As is shown in FIG. 3, the aluminum nitride substrate 30 according to a third embodiment of the present invention comprises a plate-like aluminum nitride sinter 11, an Al2 O3 layer 12 provided on this sinter 11, a glass-mixed Al2 O3 layer 13 which is provided on the Al2 O3 layer 12 and contains Al2 O3 and glass mixed therewith, an oxide particle dispersed glass layer 14 which is provided on the glass-mixed Al2 O3 layer 13 and includes one or more oxide particles dispersed in the glass which are selected from the group consisting of Al2 O3, TiO2 and ZrO2 particles, and a main glass layer 16 which is provided on the oxide particle dispersed glass layer 14 and is free from the aforementioned oxide particles. The substrate 30 according to the third embodiment also need not have the Al2 O3 layer 12, as is the case with the first substrate 10 with the variant configuration mentioned above.

As is shown in FIG. 5(e) and FIG. 6(e), the aluminum nitride substrate 40 for high-density mounted modules, according to a fourth embodiment of the present invention, has such a configuration that the oxide particle-dispersed glass layer 14 of the aluminum nitride substrate 30 according to the third embodiment has one or more first openings 14a, the main glass layer 16 has one or more second openings 16a which correspond to the respective first openings 14a, and these first and second openings 14a and 16a collectively serve as a space 17 for mounting an IC chip 18 therein.

Though not shown, another configuration of the aluminum nitride substrate 40 according to the fourth embodiment of the present invention involves the glass-mixed Al2 O3 layer comprising Al2 O3 and glass mixed therewith, formed directly on the aluminum nitride sinter without an Al2 O3 layer.

As is shown in FIG. 7(f) and FIG. 8(f), the aluminum nitride substrate 50 for high-density mounted modules according to the fifth embodiment of the present invention is constructed in such a manner that a SiO2 layer 15 is provided at least on the glass-mixed Al2 O3 layer 13 or the Al2 O3 layer 12 which faces the first opening 14a of the oxide particle-dispersed glass layer 14, and an IC chip 18 is mounted on the SiO2 layer.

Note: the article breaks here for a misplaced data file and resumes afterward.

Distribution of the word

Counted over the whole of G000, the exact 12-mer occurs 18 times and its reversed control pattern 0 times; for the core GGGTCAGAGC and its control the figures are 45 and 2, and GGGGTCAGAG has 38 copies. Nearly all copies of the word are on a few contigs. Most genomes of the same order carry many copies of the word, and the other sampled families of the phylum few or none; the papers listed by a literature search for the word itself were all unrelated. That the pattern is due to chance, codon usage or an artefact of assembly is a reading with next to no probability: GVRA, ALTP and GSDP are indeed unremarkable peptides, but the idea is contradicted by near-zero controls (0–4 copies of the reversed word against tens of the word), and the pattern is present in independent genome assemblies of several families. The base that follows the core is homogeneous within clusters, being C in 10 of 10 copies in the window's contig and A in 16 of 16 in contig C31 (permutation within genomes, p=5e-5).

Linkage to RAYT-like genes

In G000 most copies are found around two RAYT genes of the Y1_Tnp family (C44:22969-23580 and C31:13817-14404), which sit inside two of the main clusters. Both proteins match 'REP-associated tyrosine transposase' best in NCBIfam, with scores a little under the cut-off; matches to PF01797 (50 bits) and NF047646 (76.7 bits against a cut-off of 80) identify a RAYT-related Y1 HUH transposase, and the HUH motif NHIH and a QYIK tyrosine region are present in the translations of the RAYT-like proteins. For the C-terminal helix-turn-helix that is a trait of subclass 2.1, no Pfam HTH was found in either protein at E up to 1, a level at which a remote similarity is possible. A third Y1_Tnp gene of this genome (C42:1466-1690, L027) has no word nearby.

According to a method of producing the aluminum nitride substrate according to the first embodiment of the present invention, as is shown in FIG. 5(a) and (b), a plate-like aluminum nitride sinter 11 is oxidized to convert the surface of the sinter 11 into an Al2 O3 layer 12', and, as is shown in FIG. 5(c), softened glass penetrates into fine pores of the Al2 O3 layer 12' to change the Al2 O3 layer 12' into a combination of an Al2 O3 layer 12 and a glass-mixed Al2 O3 layer 13, layered in that order when viewed from the side of the sinter 11.

According to a method of producing the aluminum nitride substrate according to the second embodiment of the present invention, as is shown in FIG. 5(a) and (b), a plate-like aluminum nitride sinter 11 is oxidized to form an Al2 O3 layer 12' on the sinter 11, and then softened glass penetrates into fine pores of the Al2 O3 layer 12' to form a three-layer structure on the sinter 11 which consists of an Al2 O3 layer 12, a glass-mixed Al2 O3 layer 13 and a main glass layer 16, as is shown in FIG. 2.

According to a method of producing the aluminum nitride substrate according to the third embodiment of the present invention, as is shown in FIG. 5(a) through (c), a plate-like aluminum nitride sinter 11 is oxidized to form an Al2 O3 layer 12' on the sinter 11, and softened glass penetrates into fine pores of the Al2 O3 layer 12' to change the above Al2 O3 layer 12' into a combination of an Al2 O3 layer 12 and a glass-mixed Al2 O3 layer 13 layered in that order when viewed from the side of the sinter 11. Then, as is shown in FIG. 3, formed on the glass-mixed Al2 O3 layer 13 is a glass layer 14 which comprises one or more oxide particles dispersed therein which are selected from the group consisting of Al2 O3, TiO2 and ZrO2 particles, and a main glass layer 16 free from the aforementioned dispersion of oxide particles, is formed on the oxide particle-dispersed glass layer 14.

According to an alternative method of producing the aluminum nitride substrate according to the third embodiment of the present invention, as is shown in FIG. 6(a) and (b), a plate-like aluminum nitride sinter 11 is oxidized to form an Al2 O3 layer 12' on the sinter 11. As is shown in FIG. 6(c), onto the resulting Al2 O3 layer 12' there is applied a paste prepared by dispersing SiO2 particles and one or more oxide particles selected from the group consisting of Al2 O3, TiO2 and ZrO2 particles in a solvent, and this is followed by drying and sintering to form a composite or compound layer 14' of the SiO2 particles and the oxide particles. Then, as is shown in FIG. 6(d), FIG. 6(e) and FIG. 3, the top surface of the composite or compound layer 14' is coated with a paste prepared by dispersing glass particles in a solvent, to form a glass particle layer 16' by drying the paste. This is followed by a heat treatment at a temperature which causes softening of the glass particle layer 16'; the softened glass of the glass particle layer 16' dissolves the SiO2 particles of the composite or compound layer 14' and then penetrates into the Al2 O3 layer 12', thereby forming a four-layer structure on the sinter 11 which consists of an Al2 O3 layer 12, a glass-mixed Al2 O3 layer 13, an oxide particle-dispersed glass layer 14 and a main glass layer 16.